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chuckle

[chuhk-uh l]
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verb (used without object), chuck·led, chuck·ling.
  1. to laugh softly or amusedly, usually with satisfaction: They chuckled at the child's efforts to walk.
  2. to laugh to oneself: to chuckle while reading.
  3. Obsolete. to cluck, as a fowl.
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noun
  1. a soft laugh, usually of satisfaction.
  2. Obsolete. the cluck of a hen.
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Origin of chuckle

First recorded in 1590–1600; chuck3 + -le
Related formschuck·ler, nounchuck·ling·ly, adverb

Synonyms

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4. See laugh.
Dictionary.com Unabridged Based on the Random House Unabridged Dictionary, © Random House, Inc. 2018

Examples from the Web for chuckle

Contemporary Examples

Historical Examples

  • Miss Milbrey nodded encouragement, seeming to chuckle inwardly.

    The Spenders

    Harry Leon Wilson

  • Then the chuckle came again, and he added emphatically: "But I will!"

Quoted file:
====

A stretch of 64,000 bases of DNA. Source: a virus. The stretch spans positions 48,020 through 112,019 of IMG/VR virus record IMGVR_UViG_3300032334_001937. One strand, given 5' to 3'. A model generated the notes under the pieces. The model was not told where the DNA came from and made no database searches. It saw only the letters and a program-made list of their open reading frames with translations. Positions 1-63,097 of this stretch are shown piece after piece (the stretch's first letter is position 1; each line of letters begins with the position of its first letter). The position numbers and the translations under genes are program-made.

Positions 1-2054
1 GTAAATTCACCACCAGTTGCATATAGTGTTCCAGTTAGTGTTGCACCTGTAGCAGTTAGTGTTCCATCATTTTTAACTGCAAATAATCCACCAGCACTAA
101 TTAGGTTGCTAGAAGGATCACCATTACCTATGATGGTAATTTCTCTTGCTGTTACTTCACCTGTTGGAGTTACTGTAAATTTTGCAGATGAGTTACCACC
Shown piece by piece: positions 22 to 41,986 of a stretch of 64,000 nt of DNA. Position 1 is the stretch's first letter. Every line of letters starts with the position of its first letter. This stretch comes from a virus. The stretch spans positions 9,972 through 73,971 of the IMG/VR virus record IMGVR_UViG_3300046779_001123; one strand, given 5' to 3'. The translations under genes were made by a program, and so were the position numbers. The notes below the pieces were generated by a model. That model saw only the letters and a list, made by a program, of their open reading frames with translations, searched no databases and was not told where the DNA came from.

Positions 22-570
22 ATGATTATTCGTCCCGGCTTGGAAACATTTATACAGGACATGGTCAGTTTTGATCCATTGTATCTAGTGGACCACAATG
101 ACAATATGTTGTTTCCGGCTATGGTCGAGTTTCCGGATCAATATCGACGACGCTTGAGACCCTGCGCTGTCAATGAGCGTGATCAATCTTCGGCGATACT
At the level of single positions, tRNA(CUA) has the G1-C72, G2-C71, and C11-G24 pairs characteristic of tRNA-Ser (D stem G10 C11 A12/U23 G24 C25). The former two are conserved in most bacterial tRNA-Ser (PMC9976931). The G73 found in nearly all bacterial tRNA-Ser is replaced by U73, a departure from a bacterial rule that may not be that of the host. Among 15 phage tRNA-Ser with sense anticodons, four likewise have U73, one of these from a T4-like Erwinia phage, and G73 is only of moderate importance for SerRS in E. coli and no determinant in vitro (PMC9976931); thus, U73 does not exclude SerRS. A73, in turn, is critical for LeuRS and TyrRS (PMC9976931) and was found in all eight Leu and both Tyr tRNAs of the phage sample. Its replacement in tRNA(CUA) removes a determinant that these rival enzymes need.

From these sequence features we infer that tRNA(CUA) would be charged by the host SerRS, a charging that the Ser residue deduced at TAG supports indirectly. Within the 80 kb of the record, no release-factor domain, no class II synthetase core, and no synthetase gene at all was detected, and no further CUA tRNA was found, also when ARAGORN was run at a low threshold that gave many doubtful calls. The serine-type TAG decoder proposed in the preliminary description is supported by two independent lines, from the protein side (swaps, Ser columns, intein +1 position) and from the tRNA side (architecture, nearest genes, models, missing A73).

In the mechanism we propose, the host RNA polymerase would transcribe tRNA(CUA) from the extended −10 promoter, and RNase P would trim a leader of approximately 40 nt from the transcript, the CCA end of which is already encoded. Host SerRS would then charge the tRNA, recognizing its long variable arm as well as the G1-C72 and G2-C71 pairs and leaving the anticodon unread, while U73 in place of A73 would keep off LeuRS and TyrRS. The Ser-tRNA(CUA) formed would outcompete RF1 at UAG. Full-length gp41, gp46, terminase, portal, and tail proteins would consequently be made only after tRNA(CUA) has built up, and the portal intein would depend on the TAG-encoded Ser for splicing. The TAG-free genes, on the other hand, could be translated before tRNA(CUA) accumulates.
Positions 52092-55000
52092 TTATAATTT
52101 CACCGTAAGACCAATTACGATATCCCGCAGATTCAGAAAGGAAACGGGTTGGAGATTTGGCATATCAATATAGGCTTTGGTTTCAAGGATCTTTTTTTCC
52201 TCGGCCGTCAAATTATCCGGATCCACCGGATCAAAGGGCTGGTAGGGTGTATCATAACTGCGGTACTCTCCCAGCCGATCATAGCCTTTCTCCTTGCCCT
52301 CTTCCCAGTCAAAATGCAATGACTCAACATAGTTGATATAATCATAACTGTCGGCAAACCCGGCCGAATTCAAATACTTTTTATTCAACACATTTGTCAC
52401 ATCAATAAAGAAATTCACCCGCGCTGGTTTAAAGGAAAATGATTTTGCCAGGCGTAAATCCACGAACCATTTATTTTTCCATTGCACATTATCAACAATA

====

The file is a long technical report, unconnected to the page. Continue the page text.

Within the Law

    Marvin Dana

  • "Yes, prob'ly it was something about 'em," Pa assented with a chuckle.

  • Linda tried hard but she could not suppress a chuckle: "Of course you would!"

    Her Father's Daughter

    Gene Stratton-Porter

  • The sympathetic Toodles welcomed this opening for a chuckle.

    The Secret Agent

    Joseph Conrad


British Dictionary definitions for chuckle

chuckle

verb (intr)
  1. to laugh softly or to oneself
  2. (of animals, esp hens) to make a clucking sound
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noun
  1. a partly suppressed laugh
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Derived Formschuckler, nounchucklingly, adverb

Word Origin

C16: probably from chuck ³
Collins English Dictionary - Complete & Unabridged 2012 Digital Edition © William Collins Sons & Co. Ltd. 1979, 1986 © HarperCollins Publishers 1998, 2000, 2003, 2005, 2006, 2007, 2009, 2012

Word Origin and History for chuckle

v.

1590s, frequentative of Middle English chukken "make a clucking noise" (late 14c.), of echoic origin. It originally meant "noisy laughter." Related: Chuckled; chuckling.

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n.

1754, from chuckle (v.).

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Online Etymology Dictionary, © 2010 Douglas Harper